Matthew won the World Championship for the third time in November of that year, defeating Gaultier once more. 2014 also saw more Commonwealth Games success for Matthew despite a knee injury which overshadowed his preparations. The Yorkshireman carried the baton through his native Sheffield before the game and was then chose to be flag bearer at the opening ceremony in Glasgow by his fellow athletes.

In 2015, Matthew lifted the Windy City Open title to earn the distinction of becoming the oldest ever winner of a PSA World Series event at the age of 34.

A superb season was capped by an honour from the Queen who awarded Matthew an OBE in her birthday honours list for his services to squash.

At the start of the 2017/18 season Matthew announced that he would retire from professional squash at the end of the season at the age of 37.

Rachael Grinham

Nationality: Australian
Highest World Ranking: #1
World Championship titles: 1
British Open titles: 4
PSA World Tour titles: 35

Former World Champion Rachael Grinham is one of the most recognisable names on the PSA World Tour with a lengthy career that has seen her win some of the biggest prizes that the women’s game has to offer.

With an unorthodox, unpredictable game, she showed her pedigree from a young age, winning the World Junior Championship at the age of 16, before she breached the world’s top 20 four years later.

2001 saw Grinham break into the top ten in the World Rankings and she participated in the first family final ever on the Tour, defeating sister Natalie to claim the Kuala Lumpur Open title.

Two years later, Grinham won the prestigious British Open for the first time by defeating Cassie Jackman in the final and she retained the title in 2004 while rising to the World No.1 spot.

The Australian was superb in the 2004/05 season and kept her World No.1 ranking for 16 consecutive months. She faced heartbreak though in the 2005 World Championship final as she fell to Nicol David after beating her sister in the semi-final.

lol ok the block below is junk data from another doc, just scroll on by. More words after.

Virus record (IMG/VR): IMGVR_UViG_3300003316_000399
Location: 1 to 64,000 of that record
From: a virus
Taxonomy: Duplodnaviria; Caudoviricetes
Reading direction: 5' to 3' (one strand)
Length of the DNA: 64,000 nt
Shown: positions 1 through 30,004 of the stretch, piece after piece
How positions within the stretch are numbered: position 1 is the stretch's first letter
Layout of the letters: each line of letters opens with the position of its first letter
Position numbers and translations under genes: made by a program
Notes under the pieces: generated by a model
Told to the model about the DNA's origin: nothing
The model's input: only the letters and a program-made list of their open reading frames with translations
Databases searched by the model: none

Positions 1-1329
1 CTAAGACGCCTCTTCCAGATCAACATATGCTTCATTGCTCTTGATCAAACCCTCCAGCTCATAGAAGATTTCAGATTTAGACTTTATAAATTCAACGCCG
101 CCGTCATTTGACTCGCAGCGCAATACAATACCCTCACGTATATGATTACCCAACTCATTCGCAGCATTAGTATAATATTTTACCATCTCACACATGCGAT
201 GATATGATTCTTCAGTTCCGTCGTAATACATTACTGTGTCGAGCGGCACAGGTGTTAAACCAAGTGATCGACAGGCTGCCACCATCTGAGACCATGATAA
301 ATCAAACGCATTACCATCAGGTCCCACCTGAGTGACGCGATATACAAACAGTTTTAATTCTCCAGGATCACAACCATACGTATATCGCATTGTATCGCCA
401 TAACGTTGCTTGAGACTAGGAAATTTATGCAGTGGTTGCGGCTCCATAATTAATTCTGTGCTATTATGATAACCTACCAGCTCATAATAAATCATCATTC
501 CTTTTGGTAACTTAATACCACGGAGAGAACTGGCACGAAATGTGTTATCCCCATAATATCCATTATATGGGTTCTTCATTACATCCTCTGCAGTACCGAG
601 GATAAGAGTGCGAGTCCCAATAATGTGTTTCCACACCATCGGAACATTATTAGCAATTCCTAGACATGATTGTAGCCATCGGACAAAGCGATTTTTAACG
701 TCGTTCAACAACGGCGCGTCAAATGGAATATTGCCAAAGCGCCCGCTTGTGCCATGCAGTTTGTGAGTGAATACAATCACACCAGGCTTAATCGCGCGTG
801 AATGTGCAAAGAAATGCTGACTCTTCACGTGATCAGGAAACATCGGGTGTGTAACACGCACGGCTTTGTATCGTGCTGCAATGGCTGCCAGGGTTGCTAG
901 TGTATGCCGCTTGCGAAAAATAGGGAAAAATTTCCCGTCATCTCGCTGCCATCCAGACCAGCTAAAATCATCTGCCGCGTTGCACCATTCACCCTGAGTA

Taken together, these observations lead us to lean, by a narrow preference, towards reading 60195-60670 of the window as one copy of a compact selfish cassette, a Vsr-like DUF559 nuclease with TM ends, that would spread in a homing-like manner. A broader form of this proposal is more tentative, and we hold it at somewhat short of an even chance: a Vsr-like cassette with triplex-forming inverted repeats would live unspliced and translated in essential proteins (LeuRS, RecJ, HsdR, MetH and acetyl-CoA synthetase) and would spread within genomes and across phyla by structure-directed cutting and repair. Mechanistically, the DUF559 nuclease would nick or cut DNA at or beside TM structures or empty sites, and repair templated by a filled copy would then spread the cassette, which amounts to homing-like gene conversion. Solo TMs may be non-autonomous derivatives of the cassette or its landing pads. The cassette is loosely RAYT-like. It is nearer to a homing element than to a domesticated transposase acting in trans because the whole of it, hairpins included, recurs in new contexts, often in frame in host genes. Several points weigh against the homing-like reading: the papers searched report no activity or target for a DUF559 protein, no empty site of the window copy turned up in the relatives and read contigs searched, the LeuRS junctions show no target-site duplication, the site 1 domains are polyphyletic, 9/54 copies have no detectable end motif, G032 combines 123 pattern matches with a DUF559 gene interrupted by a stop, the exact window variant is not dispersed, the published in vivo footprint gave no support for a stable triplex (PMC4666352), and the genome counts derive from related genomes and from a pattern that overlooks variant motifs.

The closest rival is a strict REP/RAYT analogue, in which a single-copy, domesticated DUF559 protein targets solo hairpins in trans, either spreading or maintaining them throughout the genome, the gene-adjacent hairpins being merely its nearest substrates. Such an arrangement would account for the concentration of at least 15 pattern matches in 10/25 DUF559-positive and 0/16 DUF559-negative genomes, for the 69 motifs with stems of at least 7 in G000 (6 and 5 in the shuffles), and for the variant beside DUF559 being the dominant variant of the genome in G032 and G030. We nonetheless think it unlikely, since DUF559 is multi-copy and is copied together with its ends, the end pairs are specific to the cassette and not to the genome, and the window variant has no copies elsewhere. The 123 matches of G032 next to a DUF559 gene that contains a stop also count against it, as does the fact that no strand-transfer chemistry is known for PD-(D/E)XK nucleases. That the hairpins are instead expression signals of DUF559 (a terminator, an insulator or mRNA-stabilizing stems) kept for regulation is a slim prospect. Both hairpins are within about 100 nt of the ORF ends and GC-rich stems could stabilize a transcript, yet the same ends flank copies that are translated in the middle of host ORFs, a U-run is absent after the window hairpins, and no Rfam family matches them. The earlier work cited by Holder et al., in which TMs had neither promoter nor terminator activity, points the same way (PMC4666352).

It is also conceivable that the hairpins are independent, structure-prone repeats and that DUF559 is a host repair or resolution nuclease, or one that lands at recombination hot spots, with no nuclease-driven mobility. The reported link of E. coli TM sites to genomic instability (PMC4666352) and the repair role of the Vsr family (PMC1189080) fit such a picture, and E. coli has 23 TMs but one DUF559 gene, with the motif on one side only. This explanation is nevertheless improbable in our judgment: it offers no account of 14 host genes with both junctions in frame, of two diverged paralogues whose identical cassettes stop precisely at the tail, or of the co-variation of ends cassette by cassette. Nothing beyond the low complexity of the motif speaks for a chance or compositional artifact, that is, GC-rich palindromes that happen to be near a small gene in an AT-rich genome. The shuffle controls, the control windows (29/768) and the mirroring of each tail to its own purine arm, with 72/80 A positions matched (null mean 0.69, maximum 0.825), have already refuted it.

2007 was Grinham’s finest year as she gained revenge on David in the final of the British Open, coming from 2-0 down and saving match balls in the fourth game to lift the event for the third time in one of her most iconic matches. Shortly afterwards, she bested her sister yet again to win the coveted World Championship for the first time.

In addition to her PSA World Tour achievements, Grinham also enjoyed success on the international circuit with two Gold Medals at the Commonwealth Games in 2006 and 2014.

Grinham secured gold with her sister Natalie in the Women’s Doubles event at the 2006 Games in Melbourne and another gold followed at the 2014 Games in Glasgow with former World No.1 David Palmer in the Mixed Doubles event.

Injury struck later on in her career as she slipped out of the world’s top five and she still continues to play on the PSA World Tour, currently ranked at World No.29.

Natalie Grinham

Nationality: Australian
Highest World Ranking: #2
World Championship finals: 4
British Open finals: 1
PSA World Tour titles: 21

Next up on the countdown is Rachael’s sister, Natalie Grinham, who during her career won three Commonwealth Games Gold Medals and finished runner-up at both the World Open and the British Open.

She also reached a career-high of World No.2 in 2007.

The Australian finished runner-up at the World Championship four times. In 2004, she lost in the final to Vanessa Atkinson 9-1, 9-1, 9-5. Two years later in 2006, she fell at the hands of Malaysian superstar Nicol David in what was dubbed to be one of the greatest finals in Women’s World Championship history.

Grinham took a 2-1 lead before David powered back to secure the iconic title by a 1-9, 9-7, 3-9, 9-5, 9-2 scoreline.

There was more anguish to follow for Grinham as in 2007 she finished runner-up once more when she lost to sister Rachael 9-4, 10-8, 9-2. She also came face to face with David once more in the final in 2009 when she finished runner-up to the Malaysian once again.

As well as reaching numerous World Championship finals, Grinham also reached the final of the sport’s oldest tournament – the British Open – in 2005. Grinham faced David in another instalment of their long rivalry which saw them meet 30 times during their careers with 16 of their contests coming in tournament finals.

On this occasion, David showed her strength once more as she completed a 9-6, 9-7, 9-6 victory to lift the British Open trophy.

Some of Grinham’s biggest achievements came on the international stage where she claimed three Commonwealth Games Gold Medals.

She claimed all of her Gold Medals at the 2006 Commonwealth Games on home turf in Melbourne when she won the Women’s Singles, Women’s Doubles with sister Rachael and Mixed Doubles with partner Joe Kneipp, events representing Australia. She also secured a bronze medal at the 2002 Games in Manchester in the Women’s Doubles event with Rachael once again.